L.L.: So I have to admit, I had never heard of a Cathar before—heretics, yes, but Cathars, no. Can you give us a tiny history lesson where this is concerned, and how does it fit into Lia’s story in IN ANOTHER LIFE?
Julie Christine Johnson: Catharism was a migratory faith that came to western and southern Europe by way of different Gnostic religions founded in Persia and the Balkans. The faith as represented in the Languedoc of In Another Life took root in the 11th century A.D. The Cathars considered themselves Christians, but because of their disavowal of the resurrection of Christ, their views of the afterlife, and the radical ways they practiced their faith, including integration of women and rejection of tithing, the Catholic church declared them heretics and worked to convert the Cathar faithful to Catholicism. The assassination of prelate Pierre de Castelnau in January 1208, which was blamed on a nobleman sympathetic to the Cathars, launched a crusade against them. The Cathars were all but eliminated from Languedoc by the mid-1200s, just three decades after In Another Life.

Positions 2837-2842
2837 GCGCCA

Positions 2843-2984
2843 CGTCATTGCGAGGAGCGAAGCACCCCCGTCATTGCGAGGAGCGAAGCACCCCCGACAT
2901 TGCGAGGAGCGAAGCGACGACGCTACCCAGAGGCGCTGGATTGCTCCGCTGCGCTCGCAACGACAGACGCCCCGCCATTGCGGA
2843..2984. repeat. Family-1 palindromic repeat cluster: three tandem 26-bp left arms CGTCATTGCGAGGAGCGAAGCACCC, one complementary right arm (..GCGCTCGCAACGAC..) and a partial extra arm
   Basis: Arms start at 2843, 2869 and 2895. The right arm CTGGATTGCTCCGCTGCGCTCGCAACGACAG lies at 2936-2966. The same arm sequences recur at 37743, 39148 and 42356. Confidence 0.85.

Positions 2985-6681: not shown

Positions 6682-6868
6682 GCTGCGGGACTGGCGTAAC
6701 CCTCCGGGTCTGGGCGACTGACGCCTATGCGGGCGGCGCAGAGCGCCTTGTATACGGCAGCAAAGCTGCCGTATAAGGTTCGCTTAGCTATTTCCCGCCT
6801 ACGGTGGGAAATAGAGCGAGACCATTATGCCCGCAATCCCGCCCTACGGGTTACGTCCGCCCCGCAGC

Lia made the Cathars and their faith the subject of her dissertation, but her research focused on their beliefs in reincarnation and the afterlife. Yet the questions of why Pierre de Castelnau was murdered and by whom needled her. Since history never shows who wielded the weapon and committed the murder, I took that and ran with it, straight into the story!
“Johnson’s heartbroken researcher wends through the lush landscape and historical religious intrigue of southern France seeking the distraction of arcane fact-but instead, like the reader, is transformed by the moving echo of emotional truth. An imaginative, unforgettable tale.”
— Kathryn Craft, author of The Art Of Falling and The Far End Of Happy
L.L.: The first portion of the book reminds me a bit of UNDER THE TUSCAN SUN, and also a bit of EAT, PRAY, LOVE, both feature an independent woman struggling with a loss and personal tragedies (death, divorce) and the desire to reinvent herself in another country. Because I found IN ANOTHER LIFE so riveting, I wonder if you were inspired by some of your own personal discord to pen this story? Can you explain?